Eco-Efficiency in Ship DesignJune 18, 2012 13:17
Eco-efficiency means creating more goods and services with less resources, waste and pollution. For ship operators and designers this has been essentially translated into a regulatory framework for reducing greenhouse gas emissions from shipping activities. This has resulted in the requirements for a Ship Energy Efficiency Management Plan (SEEMP). On the operations side NAPA has a complete package for the SEEMP, but the nature of the NAPA for Design software may not immediately reveal how NAPA can be applied to address the aspects of eco-efficiency that are related to the design of the vessel. This article will attempt to shed some light on this subject.
What does Eco-Efficiency in Ship Design involve?
The Energy Efficiency Design Index (EEDI) is typically what first comes to mind when people speak about eco-efficiency in ship design. This roughly indicates the amount of CO2 emissions per ton of cargo transported. As the EEDI depends directly on the installed power of the main engines, the emphasis tends to focus on the powering requirements of the vessel, and selection of technologies for producing more power with less pollution e.g. by switching to LNG, installing energy saving propulsion devices, or optimizing the hull form.
But an eco-efficient design must not consider minimization of the emissions by propulsion technologies alone. The other main factor besides the fuel consumption and subsequent emissions is the capacity of the vessel. Only by considering both aspects simultaneously can the optimal eco-efficient design be achieved.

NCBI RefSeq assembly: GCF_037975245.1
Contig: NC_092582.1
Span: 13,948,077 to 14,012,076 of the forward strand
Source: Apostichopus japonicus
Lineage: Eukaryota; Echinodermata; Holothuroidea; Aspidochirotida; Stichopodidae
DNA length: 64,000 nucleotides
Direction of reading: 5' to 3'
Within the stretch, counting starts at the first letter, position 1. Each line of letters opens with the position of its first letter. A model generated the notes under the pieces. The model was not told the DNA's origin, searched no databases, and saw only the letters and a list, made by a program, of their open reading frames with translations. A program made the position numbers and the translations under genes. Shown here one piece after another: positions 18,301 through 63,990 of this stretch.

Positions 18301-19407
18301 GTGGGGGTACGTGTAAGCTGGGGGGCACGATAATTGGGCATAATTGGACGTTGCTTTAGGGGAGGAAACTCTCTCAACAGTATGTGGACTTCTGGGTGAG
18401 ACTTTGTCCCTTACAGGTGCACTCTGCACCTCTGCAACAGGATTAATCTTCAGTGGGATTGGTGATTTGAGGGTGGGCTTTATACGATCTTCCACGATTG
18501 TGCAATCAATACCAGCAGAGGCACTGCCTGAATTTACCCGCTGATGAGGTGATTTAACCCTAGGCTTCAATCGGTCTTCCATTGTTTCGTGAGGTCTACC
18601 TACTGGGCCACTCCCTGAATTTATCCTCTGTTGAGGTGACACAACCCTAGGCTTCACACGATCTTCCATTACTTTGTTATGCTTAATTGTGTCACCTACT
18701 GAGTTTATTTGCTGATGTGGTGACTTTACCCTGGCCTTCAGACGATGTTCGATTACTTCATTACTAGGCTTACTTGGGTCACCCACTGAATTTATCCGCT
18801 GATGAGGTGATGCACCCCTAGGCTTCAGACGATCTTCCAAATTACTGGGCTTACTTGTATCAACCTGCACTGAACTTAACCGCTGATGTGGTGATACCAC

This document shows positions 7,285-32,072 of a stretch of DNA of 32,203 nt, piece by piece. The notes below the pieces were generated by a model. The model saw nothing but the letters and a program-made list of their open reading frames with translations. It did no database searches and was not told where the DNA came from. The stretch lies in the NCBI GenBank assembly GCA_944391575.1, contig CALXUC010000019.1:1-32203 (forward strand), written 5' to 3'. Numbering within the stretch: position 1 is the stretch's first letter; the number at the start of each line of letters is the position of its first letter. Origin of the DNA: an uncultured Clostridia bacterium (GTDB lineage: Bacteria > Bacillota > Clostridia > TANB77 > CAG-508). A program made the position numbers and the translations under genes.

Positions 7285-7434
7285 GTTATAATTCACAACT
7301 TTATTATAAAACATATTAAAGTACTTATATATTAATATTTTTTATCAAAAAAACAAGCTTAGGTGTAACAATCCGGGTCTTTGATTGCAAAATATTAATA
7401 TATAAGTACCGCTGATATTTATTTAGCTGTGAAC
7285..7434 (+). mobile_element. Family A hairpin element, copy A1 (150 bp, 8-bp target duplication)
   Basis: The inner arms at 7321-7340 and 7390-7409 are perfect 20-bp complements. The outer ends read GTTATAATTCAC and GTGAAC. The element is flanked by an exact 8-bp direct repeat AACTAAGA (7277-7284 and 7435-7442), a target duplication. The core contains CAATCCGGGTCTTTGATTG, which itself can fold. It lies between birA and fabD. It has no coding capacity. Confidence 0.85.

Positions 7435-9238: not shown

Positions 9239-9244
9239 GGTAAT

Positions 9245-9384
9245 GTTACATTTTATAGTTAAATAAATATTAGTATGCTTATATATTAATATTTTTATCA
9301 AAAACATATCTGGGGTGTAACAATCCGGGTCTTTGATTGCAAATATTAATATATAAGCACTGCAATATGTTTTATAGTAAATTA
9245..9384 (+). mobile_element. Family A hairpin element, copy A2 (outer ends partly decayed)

Both power and capacity are affected by the lightweight of the ship. This requires then consideration of the arrangement, hull form, structures and major outfitting equipment and systems together. This treatment must start at the conceptual design stage and continue through the entire design process through to delivery of the vessel.
Eco-efficient design cannot stop when the vessel leaves the yard. Operational feedback can provide real information about how the vessel is actually being run. The operational profile of the vessel can be recorded with onboard systems for SEEMP monitoring. This information, in much the same way sea trial data and model test data from previous designs are used in the early design stages of new vessels, can provide much more insight into the true operational profile of the vessel and the real design operation points which the naval architect should consider when optimizing the conceptual design of the vessel in the first place.
What NAPA can provide
NAPA is the one system in the world which can address all the essential aspects of the eco-efficiency of the vessel at all stages of the design process. NAPA provides users with a powerful combination of design tools for automatic total design optimization for Eco-Efficiency, including:
- Hull form design and parametric variations
- General arrangement and cargo capacity
- Resistance, Propulsion, Manoeuvring and Seakeeping
- Fuel consumption and EEDI
- Detailed CFD analysis
- Structural design and scantling support
- Main equipment
- Weight and cost estimation
- Feedback from operations: real EEDI and Sea Margin
Because of the strong link between NAPA for Design and NAPA for Operations SEEMP solutions, organizations empowered with the NAPA system can focus on a truly eco-efficient design – a design for life.
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